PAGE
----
Friday, January 16, 2009

Avoid assumptions in infrastructure code

A few days back, while reviewing some code I came across what I considered to an over abundance of assumptions in infrastructure code. Such assumptions in infrastructure code can make software buggy and difficult to change.

Let me first explain what I mean by infrastructure code. Frameworks always have interactions that we use when we extend their classes. For example if you have used Struts, then the custom action classes we create, use Strut's infrastructure code from the ActionServlet and the Struts RequestDispatcher. These classes call methods which are overriden by our custom classes, thus allowing our code to get called.

Even when we do not use such frameworks, there are lots of places where we have hand written infrastructure code in our projects. Typically these are methods in base classes that are invoked as part of a use case. These methods will do a bunch of things that are determined by reading configuration files, decoding the request that invoked them, and perhaps other factors. While doing their stuff they also invoke base class abstract methods which has been overriden by other classes. This is almost a mini-framework. Unknowingly we all have such mini frameworks in our code. The stuff that is done by methods in the base classes is what I refer to as infrastructure code.

When we have such code, it is good to be careful, not to make too many assumptions. Because if in the future any of these assumptions change, then we may either have to override these methods in subclasses (creating difficult to read and difficult to test code), or we will have to change all the classes that are coupled with that infrastructure.

It is best to keep infrastructure code simple, and as assumption free as possible. One idiom which results in a lot of assumptions, is pushing common functionality to base classes. This does create reusable code, but it silently creates an assumption that this is what all subclasses will need. If a bug is introduced in such code, or if the assumption no longer holds true, it affects large parts of the software. If that assumption becomes false, then we either have to override base class methods in those subclasses in which that assumption does not hold true, or we have to change the base class interactions.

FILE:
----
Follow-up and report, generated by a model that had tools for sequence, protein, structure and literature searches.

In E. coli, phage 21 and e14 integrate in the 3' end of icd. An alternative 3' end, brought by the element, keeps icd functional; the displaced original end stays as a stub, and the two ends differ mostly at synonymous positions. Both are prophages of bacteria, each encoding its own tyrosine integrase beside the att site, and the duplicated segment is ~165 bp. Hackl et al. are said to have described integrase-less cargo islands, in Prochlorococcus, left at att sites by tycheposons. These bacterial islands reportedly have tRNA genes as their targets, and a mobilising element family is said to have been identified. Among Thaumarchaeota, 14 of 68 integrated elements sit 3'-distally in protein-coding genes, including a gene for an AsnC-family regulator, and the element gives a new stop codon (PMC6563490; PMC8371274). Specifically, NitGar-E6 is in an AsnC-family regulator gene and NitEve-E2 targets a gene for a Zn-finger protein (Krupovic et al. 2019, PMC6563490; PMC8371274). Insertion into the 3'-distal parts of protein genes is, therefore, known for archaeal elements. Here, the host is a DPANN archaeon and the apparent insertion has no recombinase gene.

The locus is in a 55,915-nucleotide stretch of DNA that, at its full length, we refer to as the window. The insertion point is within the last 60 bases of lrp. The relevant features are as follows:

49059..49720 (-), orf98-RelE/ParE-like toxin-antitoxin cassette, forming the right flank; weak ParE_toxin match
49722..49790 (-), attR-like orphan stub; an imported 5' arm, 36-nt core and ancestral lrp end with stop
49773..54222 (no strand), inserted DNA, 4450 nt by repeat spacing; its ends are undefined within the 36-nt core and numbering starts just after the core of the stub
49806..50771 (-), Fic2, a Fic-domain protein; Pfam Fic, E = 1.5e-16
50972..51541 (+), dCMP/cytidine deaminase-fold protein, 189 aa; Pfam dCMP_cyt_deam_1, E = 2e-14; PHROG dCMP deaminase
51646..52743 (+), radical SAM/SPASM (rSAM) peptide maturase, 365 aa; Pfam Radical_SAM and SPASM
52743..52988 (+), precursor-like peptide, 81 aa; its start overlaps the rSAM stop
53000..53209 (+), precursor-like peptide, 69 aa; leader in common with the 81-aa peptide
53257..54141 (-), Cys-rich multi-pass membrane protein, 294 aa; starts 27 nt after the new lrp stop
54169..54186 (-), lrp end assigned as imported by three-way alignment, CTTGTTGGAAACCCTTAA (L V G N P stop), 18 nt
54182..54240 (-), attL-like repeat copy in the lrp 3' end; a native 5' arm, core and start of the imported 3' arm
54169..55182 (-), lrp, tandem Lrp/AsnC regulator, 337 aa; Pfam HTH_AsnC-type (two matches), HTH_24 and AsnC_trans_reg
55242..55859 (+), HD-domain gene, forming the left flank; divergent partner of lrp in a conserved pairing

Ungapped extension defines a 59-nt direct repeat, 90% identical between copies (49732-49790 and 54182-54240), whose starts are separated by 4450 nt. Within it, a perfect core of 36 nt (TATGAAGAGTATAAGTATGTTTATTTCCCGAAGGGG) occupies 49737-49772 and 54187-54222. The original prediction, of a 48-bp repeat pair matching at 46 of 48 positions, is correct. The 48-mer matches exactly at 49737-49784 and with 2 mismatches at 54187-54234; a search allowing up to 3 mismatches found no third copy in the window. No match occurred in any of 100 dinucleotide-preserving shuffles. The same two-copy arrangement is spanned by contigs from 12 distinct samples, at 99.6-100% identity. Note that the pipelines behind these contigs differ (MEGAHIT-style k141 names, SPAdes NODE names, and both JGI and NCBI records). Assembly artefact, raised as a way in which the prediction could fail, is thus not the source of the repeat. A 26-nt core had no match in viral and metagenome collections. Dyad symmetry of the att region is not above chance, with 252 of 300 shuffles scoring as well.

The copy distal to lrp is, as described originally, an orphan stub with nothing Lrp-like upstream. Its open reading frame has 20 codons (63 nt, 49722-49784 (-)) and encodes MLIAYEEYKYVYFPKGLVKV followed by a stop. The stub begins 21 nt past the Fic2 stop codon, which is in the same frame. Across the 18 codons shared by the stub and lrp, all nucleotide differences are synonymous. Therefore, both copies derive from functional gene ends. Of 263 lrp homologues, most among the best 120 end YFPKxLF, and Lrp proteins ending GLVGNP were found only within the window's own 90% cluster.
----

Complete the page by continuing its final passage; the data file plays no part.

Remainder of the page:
Overriding base class methods, is fine, but if overdone, it can lead to extremely difficult to understand classes. Such classes are also difficult to refactor because even a small change affects a lot of other classes, thus making even a small refactoring a large task.

Changing base class methods is quite a beast, which I am sure everyone will agree.

Because of these reasons, that I prefer to avoid pushing common functionality into base class methods, especially when the base classes are part of infrastructure code. Instead I prefer to factor out the common functionality into helper and utility classes and achieve reuse by composition.

Thursday, January 15, 2009

Make build scripts in GANT

I have always used ANT to create build scripts, and by and large it has served me well. ANT is simple, and it has a wide variety of tasks, which take care of almost all build requirements.

Sometime back when I came across a new build tool called GANT, I was curious as to what it would offer that ANT did not. GANT is really Groovy + ANT. For those of you who are not familiar with Groovy, it is a dynamic language which compiles to bytecode and interoperates very well with Java. So GANT uses Groovy as the language to create build scripts. However all ANT tasks have been made available through Groovy's ANTBuilder. So GANT can use ANT under the hoods, but it is not limited to ANT.

If we need to write custom stuff for a build script, we can either create our own custom ANT task, or alternatively we can write a Groovy function or class. This along with being able to easily add consitional logic in build scripts is a very useful feature. Also since we use Groovy for creating the build scripts, we move away from the cumbersome XML syntax which ANT requires. All this in my opinion is a big advantage for developers.

However, there are a few drawbacks of using GANT. First of all, you will have to spend some time getting familiar with GANT and learning Groovy. Granted that they both have a pretty small learning curve for Java developers, but it's still time that must be spent. Also tooling support for GANT is not as good as it is for ANT. That's at least true for Eclipse. I am not aware of the state of GANT support on NetBeans and IntelliJ (Please share your thoughts in the comments if you have experience using GANT with either of these).